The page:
I found these chapter headings by turns painfully relatable and totally alienating, precisely because they are so intentionally relatable. As Bechdel ages, the struggle gets deeper and simpler at the same time. The last two chapters rush headlong toward an ending that is quite gorgeous and, like her “I have to change my life” revelation, somewhat clichéd. Struggling to find a way to finish the book, Bechdel finally lands on a solution after dunking her head under an icy waterfall, a way of attaining creative enlightenment that she’d discovered years before:
I could see that I’d been deriving a kind of “happiness” from the unhappiness of struggling to finish the book…. Because I didn’t want it to end. Just like I didn’t want my life to end. But my life was going to end. What if the point was not to finish, but to stop struggling?
It’s a peaceful ending, with Bechdel finally reaching a form of enlightenment—“Nirvana is samsara, I finally got the memo. Onward to the grave!”—in a beautiful, cold, and wintry wooded scene bisected by a brook flowing diagonally across the double-page spread. We’ve seen rivers, creeks, springs, and brooks in Bechdel’s work before. Earlier in The Secret to Superhuman Strength, the child Bechdel stands abashed on her cross-country skis before a river swollen and violent with floodwaters. In Fun Home, readers encounter creeks with snakes in them, or ones that have become disturbingly crystalline, lacking in organic life because of acidic mine runoff. On the last pages of The Secret to Superhuman Strength, Bechdel and her partner Holly stand in the woods beside the brook—depicted as deep, abundant, and flowing—chickadees literally alighting on their hands. Bliss has finally arrived.
Or has it? When I looked a little closer I saw that the chickadees Holly had trained to land on her weren’t actually landing on Bechdel’s open palm—not on this page or the other that describes their endeavor to train the birds. This final image of Bechdel looking expectantly upward is in tension with the narration’s assertion of closure. This is a thread worth pulling on, which might take a reader back to another temptingly frayed moment that occurs when Bechdel is about to turn forty and beginning to stare down her mortality. She visits a Buddhist meditation center and confesses to her guide, “I hate sitting with other people. They’re all doing it right, and I’m not.” She sits cross-legged, with arms also crossed, eyes staring, a closed-off figure. When he gently responds, “Well, then that’s your next step. You need to come sit with the group,” she leaves and, the text box tells us, “To this day, I have not been back.”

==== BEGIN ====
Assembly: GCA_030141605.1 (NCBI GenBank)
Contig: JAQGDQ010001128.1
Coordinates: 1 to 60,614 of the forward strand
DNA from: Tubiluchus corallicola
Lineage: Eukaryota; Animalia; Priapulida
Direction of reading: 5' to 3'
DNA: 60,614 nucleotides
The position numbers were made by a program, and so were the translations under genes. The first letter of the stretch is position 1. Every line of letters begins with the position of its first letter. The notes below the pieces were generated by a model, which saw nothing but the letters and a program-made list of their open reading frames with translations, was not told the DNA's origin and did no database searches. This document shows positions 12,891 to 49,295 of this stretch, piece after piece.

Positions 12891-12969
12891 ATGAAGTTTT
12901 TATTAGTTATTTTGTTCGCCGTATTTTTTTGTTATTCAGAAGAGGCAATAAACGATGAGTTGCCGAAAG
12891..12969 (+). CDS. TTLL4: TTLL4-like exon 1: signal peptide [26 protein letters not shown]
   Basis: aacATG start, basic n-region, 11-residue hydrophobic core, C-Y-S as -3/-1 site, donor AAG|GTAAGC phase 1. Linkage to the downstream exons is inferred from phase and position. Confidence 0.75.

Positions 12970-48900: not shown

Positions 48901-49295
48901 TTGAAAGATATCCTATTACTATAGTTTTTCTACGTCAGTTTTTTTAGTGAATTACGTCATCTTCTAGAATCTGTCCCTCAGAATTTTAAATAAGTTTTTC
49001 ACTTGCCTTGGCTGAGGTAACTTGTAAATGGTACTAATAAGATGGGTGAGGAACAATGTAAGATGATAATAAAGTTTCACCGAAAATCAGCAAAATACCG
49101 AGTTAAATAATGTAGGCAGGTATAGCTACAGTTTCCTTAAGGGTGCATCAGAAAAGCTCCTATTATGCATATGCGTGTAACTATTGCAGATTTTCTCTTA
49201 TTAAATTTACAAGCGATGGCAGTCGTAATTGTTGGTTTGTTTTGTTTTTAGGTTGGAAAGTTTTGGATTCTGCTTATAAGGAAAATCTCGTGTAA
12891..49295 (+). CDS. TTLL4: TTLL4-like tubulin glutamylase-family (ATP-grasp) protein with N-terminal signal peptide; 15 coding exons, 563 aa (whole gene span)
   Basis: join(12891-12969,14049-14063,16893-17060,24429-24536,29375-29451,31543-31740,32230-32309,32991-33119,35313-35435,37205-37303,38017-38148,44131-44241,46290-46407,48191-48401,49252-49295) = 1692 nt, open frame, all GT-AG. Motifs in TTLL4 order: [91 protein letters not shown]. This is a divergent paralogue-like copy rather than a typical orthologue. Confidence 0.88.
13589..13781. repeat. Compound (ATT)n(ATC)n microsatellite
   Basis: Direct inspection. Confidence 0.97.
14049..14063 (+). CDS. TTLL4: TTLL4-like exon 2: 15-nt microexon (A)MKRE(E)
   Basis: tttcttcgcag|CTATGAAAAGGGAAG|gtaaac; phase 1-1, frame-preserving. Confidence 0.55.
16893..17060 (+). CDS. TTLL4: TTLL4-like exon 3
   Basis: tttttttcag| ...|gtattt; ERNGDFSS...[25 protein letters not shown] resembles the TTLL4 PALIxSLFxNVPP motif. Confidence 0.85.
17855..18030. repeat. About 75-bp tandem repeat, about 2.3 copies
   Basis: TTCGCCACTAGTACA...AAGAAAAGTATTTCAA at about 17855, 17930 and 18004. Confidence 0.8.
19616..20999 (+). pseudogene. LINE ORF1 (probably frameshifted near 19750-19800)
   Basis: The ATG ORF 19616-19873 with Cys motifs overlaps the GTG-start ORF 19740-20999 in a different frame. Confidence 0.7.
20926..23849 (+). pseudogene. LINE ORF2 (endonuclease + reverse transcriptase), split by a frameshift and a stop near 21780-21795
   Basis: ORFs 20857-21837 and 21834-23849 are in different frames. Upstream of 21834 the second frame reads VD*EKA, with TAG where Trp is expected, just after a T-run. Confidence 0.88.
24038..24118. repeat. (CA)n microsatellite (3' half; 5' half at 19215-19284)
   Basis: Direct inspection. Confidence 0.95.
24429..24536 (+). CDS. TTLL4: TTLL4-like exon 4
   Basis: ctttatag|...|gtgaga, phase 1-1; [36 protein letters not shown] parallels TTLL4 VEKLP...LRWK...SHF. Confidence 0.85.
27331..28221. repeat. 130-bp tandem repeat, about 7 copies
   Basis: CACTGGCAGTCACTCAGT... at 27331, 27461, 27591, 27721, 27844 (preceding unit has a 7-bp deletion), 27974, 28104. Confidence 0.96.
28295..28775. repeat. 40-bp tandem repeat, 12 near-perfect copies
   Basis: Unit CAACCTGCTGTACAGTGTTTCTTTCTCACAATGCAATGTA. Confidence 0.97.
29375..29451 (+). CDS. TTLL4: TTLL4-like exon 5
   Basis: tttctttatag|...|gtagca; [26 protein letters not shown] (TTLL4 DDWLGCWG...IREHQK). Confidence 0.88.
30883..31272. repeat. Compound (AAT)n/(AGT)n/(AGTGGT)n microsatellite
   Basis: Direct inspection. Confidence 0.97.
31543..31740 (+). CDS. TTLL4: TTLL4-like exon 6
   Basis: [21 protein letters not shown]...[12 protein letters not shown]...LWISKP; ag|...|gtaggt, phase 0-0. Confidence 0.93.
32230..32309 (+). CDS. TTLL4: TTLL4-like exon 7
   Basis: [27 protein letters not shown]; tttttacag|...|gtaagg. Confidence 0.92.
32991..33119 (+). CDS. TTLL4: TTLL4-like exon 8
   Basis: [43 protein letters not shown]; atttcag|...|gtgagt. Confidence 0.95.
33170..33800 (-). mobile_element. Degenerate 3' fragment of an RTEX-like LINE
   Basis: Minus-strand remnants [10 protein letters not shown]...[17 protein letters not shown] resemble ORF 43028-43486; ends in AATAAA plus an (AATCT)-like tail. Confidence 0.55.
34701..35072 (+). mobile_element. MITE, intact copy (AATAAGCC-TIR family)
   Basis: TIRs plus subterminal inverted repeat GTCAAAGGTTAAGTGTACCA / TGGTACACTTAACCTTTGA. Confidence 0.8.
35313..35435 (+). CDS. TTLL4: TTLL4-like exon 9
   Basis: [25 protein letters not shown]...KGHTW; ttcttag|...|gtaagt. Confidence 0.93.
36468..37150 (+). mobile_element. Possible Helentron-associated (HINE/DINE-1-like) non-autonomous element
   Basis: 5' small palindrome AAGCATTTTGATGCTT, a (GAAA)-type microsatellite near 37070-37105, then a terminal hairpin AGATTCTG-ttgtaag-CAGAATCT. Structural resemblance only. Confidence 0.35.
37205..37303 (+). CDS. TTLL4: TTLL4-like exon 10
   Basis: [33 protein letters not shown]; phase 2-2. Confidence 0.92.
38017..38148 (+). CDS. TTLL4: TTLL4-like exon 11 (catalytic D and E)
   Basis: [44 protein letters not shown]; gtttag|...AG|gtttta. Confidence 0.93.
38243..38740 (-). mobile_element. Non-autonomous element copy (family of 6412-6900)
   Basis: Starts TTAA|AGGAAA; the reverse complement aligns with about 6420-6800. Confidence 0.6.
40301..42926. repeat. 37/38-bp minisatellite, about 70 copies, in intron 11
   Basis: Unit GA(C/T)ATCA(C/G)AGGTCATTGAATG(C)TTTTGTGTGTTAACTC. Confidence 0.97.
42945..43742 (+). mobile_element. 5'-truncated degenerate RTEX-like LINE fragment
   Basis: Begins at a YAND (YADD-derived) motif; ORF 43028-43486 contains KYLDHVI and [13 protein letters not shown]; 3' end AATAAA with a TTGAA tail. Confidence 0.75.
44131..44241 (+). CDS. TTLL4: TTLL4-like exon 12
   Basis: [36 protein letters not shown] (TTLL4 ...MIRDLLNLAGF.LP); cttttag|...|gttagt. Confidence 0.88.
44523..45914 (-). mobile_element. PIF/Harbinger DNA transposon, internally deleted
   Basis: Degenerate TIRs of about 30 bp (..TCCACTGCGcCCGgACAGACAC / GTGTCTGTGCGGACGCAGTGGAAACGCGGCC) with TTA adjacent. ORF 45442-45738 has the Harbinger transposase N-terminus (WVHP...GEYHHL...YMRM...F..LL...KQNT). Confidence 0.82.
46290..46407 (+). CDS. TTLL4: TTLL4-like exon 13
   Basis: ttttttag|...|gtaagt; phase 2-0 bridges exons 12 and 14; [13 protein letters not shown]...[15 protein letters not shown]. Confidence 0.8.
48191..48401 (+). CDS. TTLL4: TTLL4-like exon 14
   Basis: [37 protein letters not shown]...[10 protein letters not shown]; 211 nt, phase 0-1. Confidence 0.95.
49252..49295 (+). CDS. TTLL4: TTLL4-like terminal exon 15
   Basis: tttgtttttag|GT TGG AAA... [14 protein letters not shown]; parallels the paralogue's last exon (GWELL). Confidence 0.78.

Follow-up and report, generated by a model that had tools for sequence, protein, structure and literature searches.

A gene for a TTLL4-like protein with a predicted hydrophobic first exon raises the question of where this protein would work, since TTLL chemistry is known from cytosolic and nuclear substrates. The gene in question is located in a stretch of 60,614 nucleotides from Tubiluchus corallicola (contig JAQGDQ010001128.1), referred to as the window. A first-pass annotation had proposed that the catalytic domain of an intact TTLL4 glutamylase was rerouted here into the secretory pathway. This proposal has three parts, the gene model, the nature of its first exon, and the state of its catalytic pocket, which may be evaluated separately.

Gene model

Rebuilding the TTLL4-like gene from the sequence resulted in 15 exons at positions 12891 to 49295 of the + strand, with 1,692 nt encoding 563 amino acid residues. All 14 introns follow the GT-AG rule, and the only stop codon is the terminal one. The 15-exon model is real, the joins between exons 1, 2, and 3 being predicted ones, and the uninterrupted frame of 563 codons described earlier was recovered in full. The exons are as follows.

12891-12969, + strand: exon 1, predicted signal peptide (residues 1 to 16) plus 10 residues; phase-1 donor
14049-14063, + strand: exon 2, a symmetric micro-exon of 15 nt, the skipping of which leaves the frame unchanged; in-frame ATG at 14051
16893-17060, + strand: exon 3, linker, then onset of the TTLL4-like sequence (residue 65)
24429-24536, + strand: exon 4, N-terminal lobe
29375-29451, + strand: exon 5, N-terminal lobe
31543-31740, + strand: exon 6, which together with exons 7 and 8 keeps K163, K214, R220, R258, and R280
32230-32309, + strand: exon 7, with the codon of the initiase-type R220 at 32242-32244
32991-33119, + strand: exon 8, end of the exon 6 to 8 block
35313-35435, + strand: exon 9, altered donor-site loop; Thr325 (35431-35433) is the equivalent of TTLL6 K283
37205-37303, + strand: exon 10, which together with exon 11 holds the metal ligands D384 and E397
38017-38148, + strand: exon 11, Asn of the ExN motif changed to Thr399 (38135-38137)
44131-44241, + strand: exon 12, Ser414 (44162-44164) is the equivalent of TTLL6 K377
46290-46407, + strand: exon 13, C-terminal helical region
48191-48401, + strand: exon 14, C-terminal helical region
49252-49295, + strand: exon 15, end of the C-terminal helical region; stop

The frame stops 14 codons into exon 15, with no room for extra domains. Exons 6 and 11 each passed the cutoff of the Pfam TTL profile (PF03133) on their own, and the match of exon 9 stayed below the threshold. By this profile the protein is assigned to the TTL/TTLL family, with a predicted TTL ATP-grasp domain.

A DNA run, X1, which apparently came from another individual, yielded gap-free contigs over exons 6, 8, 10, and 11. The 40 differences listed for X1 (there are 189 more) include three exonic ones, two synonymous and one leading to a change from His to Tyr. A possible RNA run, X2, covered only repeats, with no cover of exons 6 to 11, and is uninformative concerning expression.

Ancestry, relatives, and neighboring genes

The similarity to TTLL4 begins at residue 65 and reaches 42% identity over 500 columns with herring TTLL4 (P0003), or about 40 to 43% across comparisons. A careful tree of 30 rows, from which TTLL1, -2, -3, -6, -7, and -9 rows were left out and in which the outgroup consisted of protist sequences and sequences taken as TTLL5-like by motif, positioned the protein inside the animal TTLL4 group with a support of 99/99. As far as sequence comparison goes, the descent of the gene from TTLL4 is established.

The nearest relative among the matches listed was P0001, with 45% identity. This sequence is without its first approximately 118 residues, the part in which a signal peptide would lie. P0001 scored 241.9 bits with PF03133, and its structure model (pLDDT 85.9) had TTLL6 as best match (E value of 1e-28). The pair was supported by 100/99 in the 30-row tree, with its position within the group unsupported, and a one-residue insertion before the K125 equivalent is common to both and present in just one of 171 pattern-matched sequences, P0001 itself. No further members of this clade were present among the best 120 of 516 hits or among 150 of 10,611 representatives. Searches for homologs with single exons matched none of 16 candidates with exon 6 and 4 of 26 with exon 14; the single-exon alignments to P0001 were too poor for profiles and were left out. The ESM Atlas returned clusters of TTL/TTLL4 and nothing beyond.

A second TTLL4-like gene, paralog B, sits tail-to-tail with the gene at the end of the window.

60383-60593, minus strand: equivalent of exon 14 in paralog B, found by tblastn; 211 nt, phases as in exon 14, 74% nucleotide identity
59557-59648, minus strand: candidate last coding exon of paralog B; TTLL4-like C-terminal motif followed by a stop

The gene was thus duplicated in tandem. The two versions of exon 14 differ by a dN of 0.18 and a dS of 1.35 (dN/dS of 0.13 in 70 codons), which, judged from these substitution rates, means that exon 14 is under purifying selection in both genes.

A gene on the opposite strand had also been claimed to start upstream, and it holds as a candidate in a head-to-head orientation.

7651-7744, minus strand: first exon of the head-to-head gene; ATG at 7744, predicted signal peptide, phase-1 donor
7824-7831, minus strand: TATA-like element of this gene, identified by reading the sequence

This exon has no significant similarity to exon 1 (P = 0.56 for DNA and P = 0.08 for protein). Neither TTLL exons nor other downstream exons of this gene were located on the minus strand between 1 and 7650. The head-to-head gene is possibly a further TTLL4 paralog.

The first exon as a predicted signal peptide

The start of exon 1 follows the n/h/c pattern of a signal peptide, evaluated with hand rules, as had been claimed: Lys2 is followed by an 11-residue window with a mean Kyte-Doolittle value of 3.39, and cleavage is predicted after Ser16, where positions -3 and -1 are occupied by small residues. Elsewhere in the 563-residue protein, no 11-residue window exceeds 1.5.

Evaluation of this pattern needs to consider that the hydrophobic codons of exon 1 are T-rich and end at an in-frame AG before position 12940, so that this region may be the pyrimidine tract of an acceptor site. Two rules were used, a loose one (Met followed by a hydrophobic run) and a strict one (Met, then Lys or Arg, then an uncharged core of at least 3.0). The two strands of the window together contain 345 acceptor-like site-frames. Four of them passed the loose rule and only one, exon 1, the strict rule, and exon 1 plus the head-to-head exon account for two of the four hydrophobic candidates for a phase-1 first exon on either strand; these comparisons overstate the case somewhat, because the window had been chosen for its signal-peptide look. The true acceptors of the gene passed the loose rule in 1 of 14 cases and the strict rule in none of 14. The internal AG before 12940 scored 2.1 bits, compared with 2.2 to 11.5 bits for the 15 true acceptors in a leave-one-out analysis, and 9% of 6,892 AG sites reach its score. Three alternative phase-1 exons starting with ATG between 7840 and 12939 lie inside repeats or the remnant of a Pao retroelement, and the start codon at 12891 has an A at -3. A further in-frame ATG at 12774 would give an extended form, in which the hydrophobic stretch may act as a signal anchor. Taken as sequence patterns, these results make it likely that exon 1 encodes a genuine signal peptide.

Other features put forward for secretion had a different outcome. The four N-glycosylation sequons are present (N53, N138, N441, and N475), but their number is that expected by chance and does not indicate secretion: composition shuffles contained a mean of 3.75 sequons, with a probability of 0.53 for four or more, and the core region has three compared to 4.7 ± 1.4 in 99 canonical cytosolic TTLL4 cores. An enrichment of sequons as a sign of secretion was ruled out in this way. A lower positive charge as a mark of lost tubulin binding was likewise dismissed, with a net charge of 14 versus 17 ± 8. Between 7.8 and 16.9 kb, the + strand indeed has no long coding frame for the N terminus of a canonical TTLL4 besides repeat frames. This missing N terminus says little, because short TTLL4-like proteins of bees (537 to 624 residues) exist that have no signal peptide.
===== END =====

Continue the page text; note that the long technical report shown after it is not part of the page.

The comment is an eruption out of the neat narrative chronology of the book into a continuing present, this particular self-improving task left undone, as far as I can tell, forever. The specters of climate change, authoritarianism, the pandemic, and global collapse run through the background of the last two chapters of The Secret to Superhuman Strength—often blaring out of a TV set or radio or newspaper while Bechdel mostly goes about her life—an illustration of interconnectedness that, like the chapter headings, feels both relatable and alienating. For those of us who live mostly secure lives, these specters reside in the background, our experience of ourselves constantly foregrounded. Yet many resources are getting scarcer, and “the self” is likely one of them. Our time of transcendence may be rapidly coming to an end.